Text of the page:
The American Library Association (ALA) announced on June 1 that the Fremont County Library System (FCLS) has been awarded one of only 77 national grants from the ALA COVID Library Relief Fund. The $20,000 grant will assist libraries that continue to experience substantial economic hardship due to the coronavirus pandemic. The grantees include academic, correctional, public, school, and tribal libraries from 32 states and Puerto Rico. The ALA COVID Library Relief Fund is one of the largest non-federal grant opportunities for libraries.

The grant will help FCLS purchase print and digital books for public checkout, book kits for loan to school classrooms, books for children learning to read, and promotion of the library system’s services and resources throughout Fremont County.

Library Director Anita Marple commented, “This award is an important source for supplementing our budget during this difficult economic period. Thank you to ALA and Acton Family Giving for helping us in the most practical way to continue our mission of meeting the resource needs and desires of our whole community.”

The impact of the pandemic and the economic downturn resulted in a 47.2% reduction of the FCLS operating budget over two years. To meet the challenges of reduced staffing and loss of funding for purchasing collection materials, the Library has relied increasingly on the generous support of the Fremont County Library Foundation and the Friends of the Library groups. These volunteer organizations have funded temporary staffing during summer months and have been provided most of the funds for purchasing new materials, as well as supporting literacy programming.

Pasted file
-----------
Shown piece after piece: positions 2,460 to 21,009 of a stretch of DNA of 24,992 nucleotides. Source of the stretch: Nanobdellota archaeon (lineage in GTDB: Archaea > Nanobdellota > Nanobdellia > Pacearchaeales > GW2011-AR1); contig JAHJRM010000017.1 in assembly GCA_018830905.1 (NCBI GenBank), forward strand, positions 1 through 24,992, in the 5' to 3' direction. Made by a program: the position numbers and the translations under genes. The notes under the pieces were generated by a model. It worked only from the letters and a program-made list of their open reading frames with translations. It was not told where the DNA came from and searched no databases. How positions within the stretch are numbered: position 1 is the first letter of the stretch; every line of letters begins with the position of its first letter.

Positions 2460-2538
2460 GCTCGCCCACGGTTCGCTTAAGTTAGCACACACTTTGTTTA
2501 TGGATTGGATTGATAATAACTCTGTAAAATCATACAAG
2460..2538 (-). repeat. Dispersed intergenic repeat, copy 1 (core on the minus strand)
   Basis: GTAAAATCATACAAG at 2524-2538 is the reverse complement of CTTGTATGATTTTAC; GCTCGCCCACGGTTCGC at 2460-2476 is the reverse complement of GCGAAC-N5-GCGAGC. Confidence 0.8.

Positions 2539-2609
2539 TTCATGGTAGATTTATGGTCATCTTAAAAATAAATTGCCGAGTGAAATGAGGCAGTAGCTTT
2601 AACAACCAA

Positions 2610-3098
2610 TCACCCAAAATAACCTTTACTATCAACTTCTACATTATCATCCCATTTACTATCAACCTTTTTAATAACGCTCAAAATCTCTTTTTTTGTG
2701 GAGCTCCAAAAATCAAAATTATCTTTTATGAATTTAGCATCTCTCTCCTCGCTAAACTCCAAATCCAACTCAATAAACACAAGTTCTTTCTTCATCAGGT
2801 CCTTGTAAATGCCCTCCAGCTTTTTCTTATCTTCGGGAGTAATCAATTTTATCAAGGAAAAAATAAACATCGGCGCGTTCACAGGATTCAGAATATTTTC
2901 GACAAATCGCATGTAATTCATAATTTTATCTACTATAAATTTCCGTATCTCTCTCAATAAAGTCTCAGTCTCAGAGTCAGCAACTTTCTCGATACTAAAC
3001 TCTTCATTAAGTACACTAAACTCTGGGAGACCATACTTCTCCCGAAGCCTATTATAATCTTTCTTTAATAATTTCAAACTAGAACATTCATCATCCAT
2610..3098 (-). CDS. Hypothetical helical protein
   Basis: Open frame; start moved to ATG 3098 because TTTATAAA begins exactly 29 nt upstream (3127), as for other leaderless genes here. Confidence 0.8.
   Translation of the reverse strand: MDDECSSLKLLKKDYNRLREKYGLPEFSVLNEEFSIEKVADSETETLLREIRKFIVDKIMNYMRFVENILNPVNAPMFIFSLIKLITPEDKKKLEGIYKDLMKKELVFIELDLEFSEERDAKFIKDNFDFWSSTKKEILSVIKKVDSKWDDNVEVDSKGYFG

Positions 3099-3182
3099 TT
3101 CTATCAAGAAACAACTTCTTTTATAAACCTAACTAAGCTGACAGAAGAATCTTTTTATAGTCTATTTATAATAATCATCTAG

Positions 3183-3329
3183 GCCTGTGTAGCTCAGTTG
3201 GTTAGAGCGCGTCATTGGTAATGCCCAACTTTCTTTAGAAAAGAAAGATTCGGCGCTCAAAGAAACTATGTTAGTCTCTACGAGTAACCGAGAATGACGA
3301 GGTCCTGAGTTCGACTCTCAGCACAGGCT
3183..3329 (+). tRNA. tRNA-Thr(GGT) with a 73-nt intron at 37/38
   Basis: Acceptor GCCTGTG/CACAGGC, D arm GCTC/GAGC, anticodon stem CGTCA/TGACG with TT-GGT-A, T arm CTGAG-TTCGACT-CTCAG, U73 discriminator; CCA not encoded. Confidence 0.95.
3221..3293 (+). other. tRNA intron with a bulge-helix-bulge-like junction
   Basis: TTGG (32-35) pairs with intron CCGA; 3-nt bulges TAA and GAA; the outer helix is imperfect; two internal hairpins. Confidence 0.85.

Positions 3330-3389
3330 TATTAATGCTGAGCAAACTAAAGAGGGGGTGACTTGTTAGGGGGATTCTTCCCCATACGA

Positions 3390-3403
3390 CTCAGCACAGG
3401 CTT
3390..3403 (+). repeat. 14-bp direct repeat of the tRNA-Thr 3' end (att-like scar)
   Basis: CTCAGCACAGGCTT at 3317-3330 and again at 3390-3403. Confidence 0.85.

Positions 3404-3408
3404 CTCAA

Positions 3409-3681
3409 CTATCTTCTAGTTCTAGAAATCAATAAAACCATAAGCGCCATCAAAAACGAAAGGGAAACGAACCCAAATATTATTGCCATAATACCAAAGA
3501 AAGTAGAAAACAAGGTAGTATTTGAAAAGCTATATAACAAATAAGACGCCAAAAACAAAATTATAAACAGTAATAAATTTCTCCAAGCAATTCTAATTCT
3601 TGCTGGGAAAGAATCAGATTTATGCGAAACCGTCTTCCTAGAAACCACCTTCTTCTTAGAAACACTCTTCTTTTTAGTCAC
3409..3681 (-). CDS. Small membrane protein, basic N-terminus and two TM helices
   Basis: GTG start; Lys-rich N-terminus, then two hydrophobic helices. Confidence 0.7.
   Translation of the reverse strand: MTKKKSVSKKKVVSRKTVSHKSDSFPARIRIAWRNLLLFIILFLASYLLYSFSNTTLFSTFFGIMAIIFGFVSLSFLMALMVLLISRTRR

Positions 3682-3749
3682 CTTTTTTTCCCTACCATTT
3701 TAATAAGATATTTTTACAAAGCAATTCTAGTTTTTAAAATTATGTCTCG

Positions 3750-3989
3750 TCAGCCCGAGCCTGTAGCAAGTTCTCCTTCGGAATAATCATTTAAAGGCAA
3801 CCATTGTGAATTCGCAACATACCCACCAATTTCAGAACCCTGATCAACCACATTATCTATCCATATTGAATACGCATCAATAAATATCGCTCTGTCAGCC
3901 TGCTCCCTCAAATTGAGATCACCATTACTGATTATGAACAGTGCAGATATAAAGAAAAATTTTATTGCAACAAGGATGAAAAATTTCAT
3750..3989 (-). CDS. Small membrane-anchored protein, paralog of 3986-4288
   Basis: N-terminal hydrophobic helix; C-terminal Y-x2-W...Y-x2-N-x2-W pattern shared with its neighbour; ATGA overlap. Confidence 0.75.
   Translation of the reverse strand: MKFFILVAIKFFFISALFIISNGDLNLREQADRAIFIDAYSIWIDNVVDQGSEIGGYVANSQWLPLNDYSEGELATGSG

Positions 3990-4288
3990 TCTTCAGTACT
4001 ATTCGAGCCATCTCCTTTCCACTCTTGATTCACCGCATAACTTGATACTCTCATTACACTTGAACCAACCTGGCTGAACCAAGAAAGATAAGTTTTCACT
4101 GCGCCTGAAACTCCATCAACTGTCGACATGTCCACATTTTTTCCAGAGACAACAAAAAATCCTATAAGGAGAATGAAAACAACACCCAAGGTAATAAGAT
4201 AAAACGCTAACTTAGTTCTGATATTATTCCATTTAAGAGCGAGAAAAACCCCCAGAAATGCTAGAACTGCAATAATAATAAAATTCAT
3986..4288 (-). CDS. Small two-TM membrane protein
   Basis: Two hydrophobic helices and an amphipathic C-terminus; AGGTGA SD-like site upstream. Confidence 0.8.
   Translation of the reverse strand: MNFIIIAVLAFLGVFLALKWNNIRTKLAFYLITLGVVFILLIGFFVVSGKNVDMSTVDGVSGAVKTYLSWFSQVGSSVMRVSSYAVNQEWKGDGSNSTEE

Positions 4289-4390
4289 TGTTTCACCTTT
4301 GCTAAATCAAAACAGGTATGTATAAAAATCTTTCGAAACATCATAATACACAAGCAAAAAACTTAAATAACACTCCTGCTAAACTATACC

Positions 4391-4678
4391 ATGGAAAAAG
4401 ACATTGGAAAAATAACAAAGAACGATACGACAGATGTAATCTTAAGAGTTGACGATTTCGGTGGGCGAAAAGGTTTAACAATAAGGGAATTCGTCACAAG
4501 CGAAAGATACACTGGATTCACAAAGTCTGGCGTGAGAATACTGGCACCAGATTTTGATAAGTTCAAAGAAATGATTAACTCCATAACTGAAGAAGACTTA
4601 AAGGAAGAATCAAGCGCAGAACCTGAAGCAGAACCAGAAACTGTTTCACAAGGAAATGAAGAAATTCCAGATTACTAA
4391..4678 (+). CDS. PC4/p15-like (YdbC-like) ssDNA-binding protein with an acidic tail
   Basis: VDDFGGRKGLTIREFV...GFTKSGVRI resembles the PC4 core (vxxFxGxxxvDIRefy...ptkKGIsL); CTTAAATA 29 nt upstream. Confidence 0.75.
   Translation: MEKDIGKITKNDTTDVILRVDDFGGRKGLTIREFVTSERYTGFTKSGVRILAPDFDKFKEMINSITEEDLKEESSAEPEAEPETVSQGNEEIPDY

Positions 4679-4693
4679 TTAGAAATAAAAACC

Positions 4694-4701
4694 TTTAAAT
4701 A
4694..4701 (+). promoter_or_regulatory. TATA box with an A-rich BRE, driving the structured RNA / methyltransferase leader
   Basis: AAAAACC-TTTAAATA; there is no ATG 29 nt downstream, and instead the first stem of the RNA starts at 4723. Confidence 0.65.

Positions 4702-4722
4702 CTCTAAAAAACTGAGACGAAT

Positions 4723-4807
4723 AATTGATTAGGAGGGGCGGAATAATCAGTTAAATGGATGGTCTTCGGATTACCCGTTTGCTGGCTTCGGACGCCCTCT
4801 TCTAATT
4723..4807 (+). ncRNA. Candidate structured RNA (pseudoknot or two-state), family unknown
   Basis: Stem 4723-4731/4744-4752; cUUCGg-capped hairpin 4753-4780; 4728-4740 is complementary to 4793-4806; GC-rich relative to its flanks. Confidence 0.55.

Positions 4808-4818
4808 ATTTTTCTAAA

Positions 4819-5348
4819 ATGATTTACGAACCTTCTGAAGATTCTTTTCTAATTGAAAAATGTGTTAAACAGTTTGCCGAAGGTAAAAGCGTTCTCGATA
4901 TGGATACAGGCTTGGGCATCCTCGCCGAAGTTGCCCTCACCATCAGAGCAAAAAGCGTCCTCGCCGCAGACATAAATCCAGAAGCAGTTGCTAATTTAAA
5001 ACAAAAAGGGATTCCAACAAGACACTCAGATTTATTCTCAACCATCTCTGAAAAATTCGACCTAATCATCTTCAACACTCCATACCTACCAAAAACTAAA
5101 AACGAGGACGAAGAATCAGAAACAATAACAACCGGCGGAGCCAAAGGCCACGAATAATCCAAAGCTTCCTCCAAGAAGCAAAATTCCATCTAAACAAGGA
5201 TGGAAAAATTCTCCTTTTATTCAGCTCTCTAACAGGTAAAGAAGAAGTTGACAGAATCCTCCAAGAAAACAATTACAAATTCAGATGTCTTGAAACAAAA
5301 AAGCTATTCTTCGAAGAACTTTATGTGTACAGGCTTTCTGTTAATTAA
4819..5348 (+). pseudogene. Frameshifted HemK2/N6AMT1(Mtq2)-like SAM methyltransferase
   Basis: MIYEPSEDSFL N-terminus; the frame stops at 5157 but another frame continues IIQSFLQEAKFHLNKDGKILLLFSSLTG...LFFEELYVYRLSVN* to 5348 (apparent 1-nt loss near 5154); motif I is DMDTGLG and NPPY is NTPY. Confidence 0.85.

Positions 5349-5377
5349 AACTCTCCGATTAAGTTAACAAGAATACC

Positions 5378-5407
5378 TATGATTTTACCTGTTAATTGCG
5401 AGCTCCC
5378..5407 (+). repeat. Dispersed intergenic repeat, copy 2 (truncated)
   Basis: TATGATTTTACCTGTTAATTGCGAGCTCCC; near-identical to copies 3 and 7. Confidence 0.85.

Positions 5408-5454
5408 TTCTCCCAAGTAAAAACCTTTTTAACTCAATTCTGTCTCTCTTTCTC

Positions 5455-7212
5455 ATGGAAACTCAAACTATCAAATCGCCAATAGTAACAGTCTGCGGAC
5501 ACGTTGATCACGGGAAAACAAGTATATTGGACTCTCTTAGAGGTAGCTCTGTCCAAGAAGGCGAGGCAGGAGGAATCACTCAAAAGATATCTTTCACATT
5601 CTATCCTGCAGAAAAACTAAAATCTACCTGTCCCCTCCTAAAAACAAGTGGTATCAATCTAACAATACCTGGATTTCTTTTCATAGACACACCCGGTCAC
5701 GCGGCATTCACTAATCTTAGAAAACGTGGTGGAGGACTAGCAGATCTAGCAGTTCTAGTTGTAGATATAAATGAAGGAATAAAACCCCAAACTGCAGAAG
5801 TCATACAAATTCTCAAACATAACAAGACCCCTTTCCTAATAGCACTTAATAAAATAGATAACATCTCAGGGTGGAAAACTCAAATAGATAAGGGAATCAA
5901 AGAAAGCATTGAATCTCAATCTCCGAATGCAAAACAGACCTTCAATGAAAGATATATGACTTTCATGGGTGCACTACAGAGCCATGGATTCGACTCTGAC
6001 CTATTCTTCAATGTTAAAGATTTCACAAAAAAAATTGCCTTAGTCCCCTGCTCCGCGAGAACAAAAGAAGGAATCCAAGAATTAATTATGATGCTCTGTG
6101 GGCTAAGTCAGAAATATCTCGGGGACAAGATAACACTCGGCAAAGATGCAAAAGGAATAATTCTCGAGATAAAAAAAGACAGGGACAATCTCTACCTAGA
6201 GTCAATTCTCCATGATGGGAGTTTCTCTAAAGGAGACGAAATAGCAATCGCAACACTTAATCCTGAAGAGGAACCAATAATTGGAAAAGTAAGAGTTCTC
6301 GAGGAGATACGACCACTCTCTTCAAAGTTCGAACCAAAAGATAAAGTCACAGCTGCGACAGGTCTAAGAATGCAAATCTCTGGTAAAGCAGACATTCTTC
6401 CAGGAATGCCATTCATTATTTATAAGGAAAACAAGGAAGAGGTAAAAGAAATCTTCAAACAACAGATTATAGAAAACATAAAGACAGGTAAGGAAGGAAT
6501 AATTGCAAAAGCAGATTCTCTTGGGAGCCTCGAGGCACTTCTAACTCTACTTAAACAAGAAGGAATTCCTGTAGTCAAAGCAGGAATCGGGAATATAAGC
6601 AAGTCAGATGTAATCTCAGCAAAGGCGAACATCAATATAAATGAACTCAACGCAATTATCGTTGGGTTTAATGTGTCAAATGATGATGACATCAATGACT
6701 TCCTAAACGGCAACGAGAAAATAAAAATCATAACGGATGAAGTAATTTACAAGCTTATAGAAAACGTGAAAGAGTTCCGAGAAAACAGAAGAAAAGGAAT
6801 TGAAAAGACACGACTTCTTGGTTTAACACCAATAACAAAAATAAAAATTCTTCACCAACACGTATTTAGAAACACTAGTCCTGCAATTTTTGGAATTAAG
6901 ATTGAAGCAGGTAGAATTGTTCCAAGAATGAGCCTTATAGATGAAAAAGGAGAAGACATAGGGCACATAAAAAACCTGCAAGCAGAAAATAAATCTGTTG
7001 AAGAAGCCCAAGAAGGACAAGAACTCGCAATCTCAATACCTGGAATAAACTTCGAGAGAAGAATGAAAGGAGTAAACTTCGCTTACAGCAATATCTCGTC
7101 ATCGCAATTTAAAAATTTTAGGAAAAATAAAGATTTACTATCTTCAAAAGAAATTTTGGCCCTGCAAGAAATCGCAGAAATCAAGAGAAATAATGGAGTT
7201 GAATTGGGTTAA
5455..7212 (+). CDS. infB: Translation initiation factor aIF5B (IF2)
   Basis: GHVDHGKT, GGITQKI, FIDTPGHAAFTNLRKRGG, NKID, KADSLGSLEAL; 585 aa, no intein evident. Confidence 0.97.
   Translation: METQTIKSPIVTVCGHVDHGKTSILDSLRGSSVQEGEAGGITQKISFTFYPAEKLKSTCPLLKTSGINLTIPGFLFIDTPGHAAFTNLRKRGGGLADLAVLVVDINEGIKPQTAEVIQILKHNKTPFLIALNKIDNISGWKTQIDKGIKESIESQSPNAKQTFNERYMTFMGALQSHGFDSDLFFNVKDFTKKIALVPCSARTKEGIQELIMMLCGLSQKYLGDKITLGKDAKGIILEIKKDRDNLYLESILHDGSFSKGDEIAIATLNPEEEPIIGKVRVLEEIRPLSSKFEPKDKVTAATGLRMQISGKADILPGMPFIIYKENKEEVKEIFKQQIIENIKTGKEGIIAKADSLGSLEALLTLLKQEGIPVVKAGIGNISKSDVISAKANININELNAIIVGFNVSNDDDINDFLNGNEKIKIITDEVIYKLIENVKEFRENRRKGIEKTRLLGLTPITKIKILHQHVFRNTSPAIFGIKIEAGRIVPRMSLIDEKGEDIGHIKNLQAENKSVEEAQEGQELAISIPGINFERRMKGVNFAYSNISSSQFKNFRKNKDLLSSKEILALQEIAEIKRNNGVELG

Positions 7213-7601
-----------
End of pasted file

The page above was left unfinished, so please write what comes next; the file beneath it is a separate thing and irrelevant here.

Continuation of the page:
FCLS Assistant Library Director Shari Haskins said, “All of this represents hard work and good communication among all our stakeholders. Library staff and volunteers are committed to maintaining a high level of service to our county citizens.”

About the American Library Association

The American Library Association (ALA) is the foremost national organization providing resources to inspire library and information professionals to transform their communities through essential programs and services. For more than 140 years, the ALA has been the trusted voice for academic, public, school, government, and special libraries, advocating for the profession and the library’s role in enhancing learning and ensuring access to information for all. For more information, visit www.ala.org.

About Acton Family Giving

Acton Family Giving supports distinct initiatives and collective efforts. Its Empathy Building Initiative, launched in 2014, partners with organizations building connections across difference and reaffirming our common humanity. This work is rooted in the belief that an empathetic society fosters stronger, healthier, and more just communities. Acton Family Giving is part of the Wildcard Giving philanthropic family.

Jill Mackey Retiring from Crook County Public Library



Jill standing in front of bookshelf wearing a t-shirt promoting reading
Jill Mackey

After nearly 28 years at Crook County Public Library — the last 23 as Director — Jill Mackey is retiring on June 30.

Jill was initially hired by the library in Sundance in October, 1994, as a part-timer. That lasted only briefly until the Children’s Librarian moved on.